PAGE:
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- ATP Carbon Dioxide Reduced NAD Reduced FAD
- How many of each one is produced during the following stages of Aerobic Respiration?
Summary so far!
- Anaerobic respiration makes 2 ATP per glucose.
- Aerobic respiration makes 32 ATP per glucose
- Anaerobic respiration only completes glycolysis which makes 2 ATP, hence this is why Anaerobic respiration only makes 2 ATP per glucose molecule.
- Aerobic respiration makes 32 ATP because 2 ATP come from glycolysis, 2 ATP from Krebs Cycle (as it happens twice per glucose)....
So where does the rest of the energy come from?
- Where does the remaining 28 ATP come from?
- The Electron Transport Chain!
- The ETC makes ATP from the reduced NAD and Reduced FAD made in the earlier stages.
- Each reduced FAD will generate 1.5ATP
- Each reduced NAD will generate 2.5ATP
Where they come from and how many?
- Reduced FAD
- 2 (from Krebs)
- 1.5 X 2 = 3 ATP
- Reduced NAD
- 2 (from Glycolysis)
- 2 (from 2x link reaction)
- 6 (from 2x Krebs)
- 2.5 X 10 = 25 ATP
- 3 ATP + 25 ATP = 28 ATP
- Add this to the 4 ATP made directly in glycolysis and krebs and you have 32 ATP altogether!
What Happens Where?
- Glycolysis = Cytoplasm of the cell.
- Link reaction = Matrix of the mitochondria.
- Krebs cycle = Also in the matrix.
- Electron transfer chain Utilises proteins found in the membrane of the christae.
The Fate of the hydrogens –The Electron transport chain.
- This method of ATP production is termed
- Oxidative Phosphorylation
Electron Transport Chain Details
- tons (H+) and electrons (e-).
- The oxidised NAD molecules return to the Krebs Cycle to collect more hydrogen.
- FADH binds to complex II rather than complex I to release its hydrogen.
- The electrons are passed down the chain of protein complexes from I to IV, each complex binding electrons more tightly than the previous one.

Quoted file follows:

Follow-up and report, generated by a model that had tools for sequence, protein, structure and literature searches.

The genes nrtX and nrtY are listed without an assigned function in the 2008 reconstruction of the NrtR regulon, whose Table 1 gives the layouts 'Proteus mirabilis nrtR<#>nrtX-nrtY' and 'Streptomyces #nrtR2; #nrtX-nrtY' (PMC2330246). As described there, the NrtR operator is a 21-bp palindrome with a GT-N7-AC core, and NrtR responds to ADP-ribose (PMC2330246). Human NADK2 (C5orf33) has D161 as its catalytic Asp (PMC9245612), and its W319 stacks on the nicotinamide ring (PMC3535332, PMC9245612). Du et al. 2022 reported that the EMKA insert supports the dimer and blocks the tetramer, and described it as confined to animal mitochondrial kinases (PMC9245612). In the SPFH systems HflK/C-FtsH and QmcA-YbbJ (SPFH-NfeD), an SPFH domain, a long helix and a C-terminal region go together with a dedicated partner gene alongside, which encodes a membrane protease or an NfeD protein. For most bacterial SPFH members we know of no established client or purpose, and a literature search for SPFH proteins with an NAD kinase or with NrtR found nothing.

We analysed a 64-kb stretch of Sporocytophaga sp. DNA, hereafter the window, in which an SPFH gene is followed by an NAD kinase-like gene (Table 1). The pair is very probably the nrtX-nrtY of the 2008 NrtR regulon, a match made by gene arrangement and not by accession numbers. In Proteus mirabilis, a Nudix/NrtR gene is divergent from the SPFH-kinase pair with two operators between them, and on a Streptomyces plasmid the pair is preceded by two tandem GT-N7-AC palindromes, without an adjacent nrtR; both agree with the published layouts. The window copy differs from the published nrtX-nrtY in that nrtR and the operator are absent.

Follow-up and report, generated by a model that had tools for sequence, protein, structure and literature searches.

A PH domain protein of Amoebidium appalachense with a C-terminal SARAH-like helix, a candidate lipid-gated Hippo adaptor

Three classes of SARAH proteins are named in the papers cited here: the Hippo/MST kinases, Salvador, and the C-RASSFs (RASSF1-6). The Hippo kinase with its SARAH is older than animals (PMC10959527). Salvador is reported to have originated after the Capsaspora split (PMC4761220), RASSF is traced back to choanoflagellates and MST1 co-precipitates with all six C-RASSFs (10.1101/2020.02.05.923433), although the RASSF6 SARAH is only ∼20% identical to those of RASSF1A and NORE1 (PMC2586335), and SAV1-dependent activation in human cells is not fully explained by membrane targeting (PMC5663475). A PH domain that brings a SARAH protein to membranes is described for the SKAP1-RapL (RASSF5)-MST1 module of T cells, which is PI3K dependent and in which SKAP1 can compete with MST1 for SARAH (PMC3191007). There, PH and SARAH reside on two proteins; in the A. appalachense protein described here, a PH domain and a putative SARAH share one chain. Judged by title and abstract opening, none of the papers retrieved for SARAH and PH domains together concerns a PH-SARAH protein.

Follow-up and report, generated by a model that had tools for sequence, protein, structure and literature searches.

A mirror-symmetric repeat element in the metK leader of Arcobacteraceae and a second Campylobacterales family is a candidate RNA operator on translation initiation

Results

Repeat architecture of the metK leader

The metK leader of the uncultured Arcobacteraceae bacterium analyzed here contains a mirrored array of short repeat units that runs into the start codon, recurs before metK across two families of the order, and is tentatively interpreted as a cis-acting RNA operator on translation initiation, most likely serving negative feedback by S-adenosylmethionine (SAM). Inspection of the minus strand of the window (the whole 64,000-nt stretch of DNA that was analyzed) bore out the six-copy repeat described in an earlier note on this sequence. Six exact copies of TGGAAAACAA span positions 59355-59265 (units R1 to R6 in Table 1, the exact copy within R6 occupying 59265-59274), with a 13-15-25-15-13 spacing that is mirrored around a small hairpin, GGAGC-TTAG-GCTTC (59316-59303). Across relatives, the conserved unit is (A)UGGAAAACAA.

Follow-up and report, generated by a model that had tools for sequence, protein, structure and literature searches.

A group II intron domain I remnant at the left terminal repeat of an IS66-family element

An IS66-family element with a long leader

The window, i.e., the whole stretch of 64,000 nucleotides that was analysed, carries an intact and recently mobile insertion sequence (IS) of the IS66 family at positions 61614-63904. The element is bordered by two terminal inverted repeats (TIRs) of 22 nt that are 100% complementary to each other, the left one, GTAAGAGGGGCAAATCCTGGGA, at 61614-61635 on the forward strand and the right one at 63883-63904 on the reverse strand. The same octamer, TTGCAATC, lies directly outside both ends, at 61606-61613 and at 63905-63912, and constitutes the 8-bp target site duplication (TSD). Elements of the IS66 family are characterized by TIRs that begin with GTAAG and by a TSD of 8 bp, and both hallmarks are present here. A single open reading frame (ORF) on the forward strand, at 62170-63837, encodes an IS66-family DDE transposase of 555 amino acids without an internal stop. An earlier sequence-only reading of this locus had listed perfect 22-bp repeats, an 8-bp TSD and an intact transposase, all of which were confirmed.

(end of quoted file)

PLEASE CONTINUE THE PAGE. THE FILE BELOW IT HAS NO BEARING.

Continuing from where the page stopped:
- In complexes I, II and IV the electrons give up some of their energy, which is then used to pump protons across the inner mitochondrial membrane by active transport through the complexes.
- Altogether 10 protons are pumped across the membrane for every hydrogen from NADH (or 6 protons for FADH).
- In complex IV the electrons are combined with protons and molecular oxygen to form water. The oxygen diffuses in from the tissue fluid.
- Oxygen is only involved at the very last stage of respiration as the final electron acceptor.
- The energy of the electrons is now stored in the form of a proton gradient across the inner mitochondrial membrane.
- The ATP synthase enzyme has a proton channel through it, and as the protons “fall down” this channel their energy is used to make ATP, It takes 4 protons to synthesise 1 ATP molecule.
- This method of storing energy by creating a proton gradient across a membrane is called chemiosmosis.
- Complete the Application and Summary questions on page 57 of the textbook then self-assess your answers
- Complete the exam style question on aerobic respiration
- Practice exam question mark scheme
- (b) (i) pyruvate/succinate/any suitable Krebs cycle substrate; 1
- (ii) ADP and phosphate forms ATP; oxygen used to form water / as the terminal acceptor; 2
- (iii) Y X W Z; order of carriers linked to sequence of reduction / reduced carriers cannot pass on electrons when inhibited; 2
- Where the electron transport chain (ETC) takes place
- How ATP is synthesised during the ETC
- Describe the role of oxygen in aerobic respiration
- Label a diagram to accurately show where the ETC occurs
- Explain how and where chemiosmosis and oxidative phosphorylation occur
- Describe how oxygen acts as a terminal acceptor of protons and electrons in the ETC
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